If the new state of Israel had allowed the Palestinians displaced from the land that it seized during the 1948 war to return to their homes, Jews would have been a minority in the new Jewish state. Israel, then, could not have been established as a Jewish state without the ethnic cleansing of the indigenous Palestinian population. This is not ancient history. The paradigm of partition, or ethnic cleansing, continues to dominate understandings of what peace should entail between Israelis and Palestinians. Rather than addressing the injustices of 1948, the peace processes that began with the failed Oslo Accords have by and large sought to finalize the partition process by separating populations based on ethnicity and religion.
Years of demonizing and dehumanizing Palestinians, against the backdrop of ethnic cleansing that is central to Israel's founding, cannot be separated from the current genocidal violence in Gaza. One led to the other.
- Michael Merryman-Lotze
But setting ethnic separation as the end goal of negotiations, with the aim of a two-state solution that ensures Israel's Jewish demographic majority, has made it impossible to confront the historic roots of the conflict. It also allowed and even encouraged the ongoing demonization and dehumanization of Palestinians as a demographic "threat." In both Israel and the United States, Palestinians have for decades been viewed as a danger to the state of Israel simply because of their birth rates. Israeli and American officials don't speak of the need for peace for the sake of justice or to secure Palestinian rights, but to protect Israel—privileging its security and its demographics.
Calls for ethnic cleansing and "finishing the job" left undone in 1948 have persisted in Israeli politics. While Kach, the radical ultranationalist party, and other extreme parties calling for the ethnic cleansing of Palestinians were outlawed in Israel during the 1980s, more supposedly moderate voices calling for the "transfer" of Palestinians to Jordan and other Arab countries have remained in key government positions. In 2019, as Israel prepared for new elections, the Supreme Court allowed openly racist parties that support ethnic cleansing and have links to Kach to run for parliament. They now control key ministerial portfolios, and threats to forcibly expel Palestinians are firmly part of mainstream Israeli political discourse.
When I worked in Palestine with Save the Children in 2007, during the first year of the blockade of the Gaza Strip, we were already seeing severe malnutrition and stunting among children in Gaza. We later learned that the Israeli government was counting the number of calories allowed into Gaza. As Dov Weissglas, an adviser to then-Prime Minister Ehud Olmert, had stated in 2006, the idea was "to put the Palestinians on a diet, but not to make them die of hunger." Israel got away with this without consequence—a precursor to its use of starvation as a tool of war in Gaza today, which is a war crime.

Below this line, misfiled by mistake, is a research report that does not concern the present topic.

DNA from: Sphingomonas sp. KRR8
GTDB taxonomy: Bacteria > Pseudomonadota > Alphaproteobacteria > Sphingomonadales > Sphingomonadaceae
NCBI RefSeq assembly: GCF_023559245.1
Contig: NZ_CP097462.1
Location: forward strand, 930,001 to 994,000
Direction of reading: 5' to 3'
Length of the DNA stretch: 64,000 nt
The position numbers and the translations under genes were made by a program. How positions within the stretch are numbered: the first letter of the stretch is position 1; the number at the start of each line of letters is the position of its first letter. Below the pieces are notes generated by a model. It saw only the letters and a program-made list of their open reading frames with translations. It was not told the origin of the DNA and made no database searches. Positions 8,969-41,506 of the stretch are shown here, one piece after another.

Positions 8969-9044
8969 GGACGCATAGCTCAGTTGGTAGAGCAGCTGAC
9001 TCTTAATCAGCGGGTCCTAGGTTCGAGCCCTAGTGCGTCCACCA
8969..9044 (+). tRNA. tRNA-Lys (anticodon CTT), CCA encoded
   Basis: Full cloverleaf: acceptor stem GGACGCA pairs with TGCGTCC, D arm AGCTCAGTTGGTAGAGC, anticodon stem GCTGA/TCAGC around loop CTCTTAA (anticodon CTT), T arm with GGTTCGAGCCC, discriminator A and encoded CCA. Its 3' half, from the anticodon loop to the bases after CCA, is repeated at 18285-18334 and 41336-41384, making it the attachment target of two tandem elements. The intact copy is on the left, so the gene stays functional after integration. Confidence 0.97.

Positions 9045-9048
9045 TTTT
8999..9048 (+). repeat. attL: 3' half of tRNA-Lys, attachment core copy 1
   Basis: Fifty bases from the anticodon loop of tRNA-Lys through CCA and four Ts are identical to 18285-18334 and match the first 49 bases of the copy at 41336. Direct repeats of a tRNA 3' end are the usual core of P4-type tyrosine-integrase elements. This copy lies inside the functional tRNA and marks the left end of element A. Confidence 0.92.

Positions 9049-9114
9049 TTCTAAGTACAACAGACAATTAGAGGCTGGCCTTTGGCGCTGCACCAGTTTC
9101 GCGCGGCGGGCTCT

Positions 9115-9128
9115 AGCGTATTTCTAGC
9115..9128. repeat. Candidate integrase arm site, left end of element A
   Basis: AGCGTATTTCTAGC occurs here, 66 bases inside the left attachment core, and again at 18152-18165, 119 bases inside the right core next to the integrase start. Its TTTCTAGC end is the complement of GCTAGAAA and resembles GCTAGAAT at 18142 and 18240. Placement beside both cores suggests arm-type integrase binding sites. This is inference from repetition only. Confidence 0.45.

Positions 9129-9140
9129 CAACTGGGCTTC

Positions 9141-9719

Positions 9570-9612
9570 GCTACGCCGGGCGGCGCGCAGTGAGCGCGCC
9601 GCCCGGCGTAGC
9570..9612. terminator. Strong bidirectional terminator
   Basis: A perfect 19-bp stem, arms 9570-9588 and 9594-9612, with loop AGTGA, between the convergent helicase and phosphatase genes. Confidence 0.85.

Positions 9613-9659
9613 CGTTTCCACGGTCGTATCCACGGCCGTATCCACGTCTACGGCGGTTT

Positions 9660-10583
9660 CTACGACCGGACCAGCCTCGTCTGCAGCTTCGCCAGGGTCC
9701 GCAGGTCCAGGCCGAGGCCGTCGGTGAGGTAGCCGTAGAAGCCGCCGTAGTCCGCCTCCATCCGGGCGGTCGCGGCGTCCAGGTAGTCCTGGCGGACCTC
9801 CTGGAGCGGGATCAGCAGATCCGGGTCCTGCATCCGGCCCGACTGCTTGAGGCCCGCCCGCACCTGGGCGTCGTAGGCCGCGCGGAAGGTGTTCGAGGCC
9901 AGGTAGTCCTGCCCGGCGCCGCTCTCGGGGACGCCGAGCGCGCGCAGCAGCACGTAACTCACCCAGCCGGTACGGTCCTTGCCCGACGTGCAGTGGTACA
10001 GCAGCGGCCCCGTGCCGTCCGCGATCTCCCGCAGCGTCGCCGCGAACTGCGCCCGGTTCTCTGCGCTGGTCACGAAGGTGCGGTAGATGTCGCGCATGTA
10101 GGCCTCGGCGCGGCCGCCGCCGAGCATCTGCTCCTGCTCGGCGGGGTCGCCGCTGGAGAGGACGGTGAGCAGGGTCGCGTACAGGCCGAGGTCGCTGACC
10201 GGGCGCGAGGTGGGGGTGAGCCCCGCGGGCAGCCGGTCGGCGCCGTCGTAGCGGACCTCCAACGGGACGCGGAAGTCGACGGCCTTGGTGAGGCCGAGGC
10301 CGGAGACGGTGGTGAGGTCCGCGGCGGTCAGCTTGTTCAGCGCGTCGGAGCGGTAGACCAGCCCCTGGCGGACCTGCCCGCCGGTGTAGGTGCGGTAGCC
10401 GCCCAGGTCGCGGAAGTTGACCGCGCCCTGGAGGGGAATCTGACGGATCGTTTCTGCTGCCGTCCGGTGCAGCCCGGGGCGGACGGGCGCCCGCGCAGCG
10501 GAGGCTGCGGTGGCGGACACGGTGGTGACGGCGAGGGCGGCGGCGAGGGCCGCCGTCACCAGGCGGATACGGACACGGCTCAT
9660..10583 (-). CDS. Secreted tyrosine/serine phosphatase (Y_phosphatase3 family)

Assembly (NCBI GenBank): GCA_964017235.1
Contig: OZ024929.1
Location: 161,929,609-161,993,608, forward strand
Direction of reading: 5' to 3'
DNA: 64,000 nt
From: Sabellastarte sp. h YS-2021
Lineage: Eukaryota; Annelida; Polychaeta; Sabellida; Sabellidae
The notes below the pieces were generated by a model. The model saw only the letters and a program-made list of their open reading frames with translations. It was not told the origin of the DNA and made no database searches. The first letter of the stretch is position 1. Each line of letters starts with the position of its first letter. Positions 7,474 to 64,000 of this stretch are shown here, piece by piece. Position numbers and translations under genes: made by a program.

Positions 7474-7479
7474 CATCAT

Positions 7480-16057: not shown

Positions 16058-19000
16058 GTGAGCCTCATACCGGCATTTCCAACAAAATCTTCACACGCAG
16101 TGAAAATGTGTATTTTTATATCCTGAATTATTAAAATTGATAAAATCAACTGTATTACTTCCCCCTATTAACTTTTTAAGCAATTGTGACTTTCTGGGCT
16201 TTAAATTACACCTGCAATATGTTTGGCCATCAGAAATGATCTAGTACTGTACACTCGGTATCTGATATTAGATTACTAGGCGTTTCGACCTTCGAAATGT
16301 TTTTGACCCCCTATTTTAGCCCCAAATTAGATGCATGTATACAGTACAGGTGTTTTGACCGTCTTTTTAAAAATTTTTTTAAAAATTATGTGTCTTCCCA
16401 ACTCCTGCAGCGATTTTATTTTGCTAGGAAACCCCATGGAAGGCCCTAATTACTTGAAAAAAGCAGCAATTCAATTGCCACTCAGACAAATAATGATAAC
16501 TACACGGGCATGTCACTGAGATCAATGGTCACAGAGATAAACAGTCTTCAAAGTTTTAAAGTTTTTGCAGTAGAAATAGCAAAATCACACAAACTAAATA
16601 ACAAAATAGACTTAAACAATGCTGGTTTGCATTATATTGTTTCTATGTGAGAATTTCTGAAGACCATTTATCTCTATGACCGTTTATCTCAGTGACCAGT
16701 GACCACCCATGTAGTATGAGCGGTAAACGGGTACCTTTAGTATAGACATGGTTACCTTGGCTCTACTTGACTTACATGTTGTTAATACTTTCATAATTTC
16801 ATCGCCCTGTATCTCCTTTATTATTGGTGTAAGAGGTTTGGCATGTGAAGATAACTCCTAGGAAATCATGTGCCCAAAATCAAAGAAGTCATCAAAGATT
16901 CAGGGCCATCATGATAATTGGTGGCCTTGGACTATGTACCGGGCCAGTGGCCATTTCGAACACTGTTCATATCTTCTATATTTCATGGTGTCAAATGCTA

The siege of Gaza has continued for 17 years despite several declarations by the U.N. and the International Committee of the Red Cross that it constituted collective punishment of Gaza, in violation of the Geneva Conventions. Nonviolent protests against the blockade, like the demonstrations along the Gaza border in 2018 and 2019 known as the Great March of Return, were met with overwhelming Israeli violence, as Israeli forces killed 223 Palestinians and injured more than 9,000 others. Like the rest of Gaza's siege, there was never any accountability for these Israeli abuses.
The Israeli military responded even more brutally to violent resistance by Palestinians in Gaza, including rocket attacks by Hamas and other armed groups. In the 15 years prior to Oct. 7, Israel killed over 5,500 Palestinians in Gaza in multiple rounds of conflict. During this same period, many Israeli ministers called for the complete destruction of Gaza, with one describing Palestinian children in Gaza as "little snakes." A political culture that justified this dehumanization of Palestinians was evident in the sight of Israeli civilians who sat on the hillsides near Gaza to watch and cheer as the besieged territory was bombed in 2014.
Over the past decade, Prime Minister Benjamin Netanyahu has declared repeatedly that only Jews have a right to self-determination between the river and the sea. He has said that Israel is not a state of all its citizens, but rather a state for the Jewish people—formalized in the "nation-state law" of 2018 that defined the state even more exclusively on ethnically Jewish lines and aimed to create two kinds of citizens in Israel: Jews and non-Jews. Equality for Palestinians is impossible in this de facto one-state reality of apartheid.
These years of demonizing and dehumanizing Palestinians, against the backdrop of ethnic cleansing that is central to Israel's founding, cannot be separated from the current genocidal violence in Gaza. One led to the other.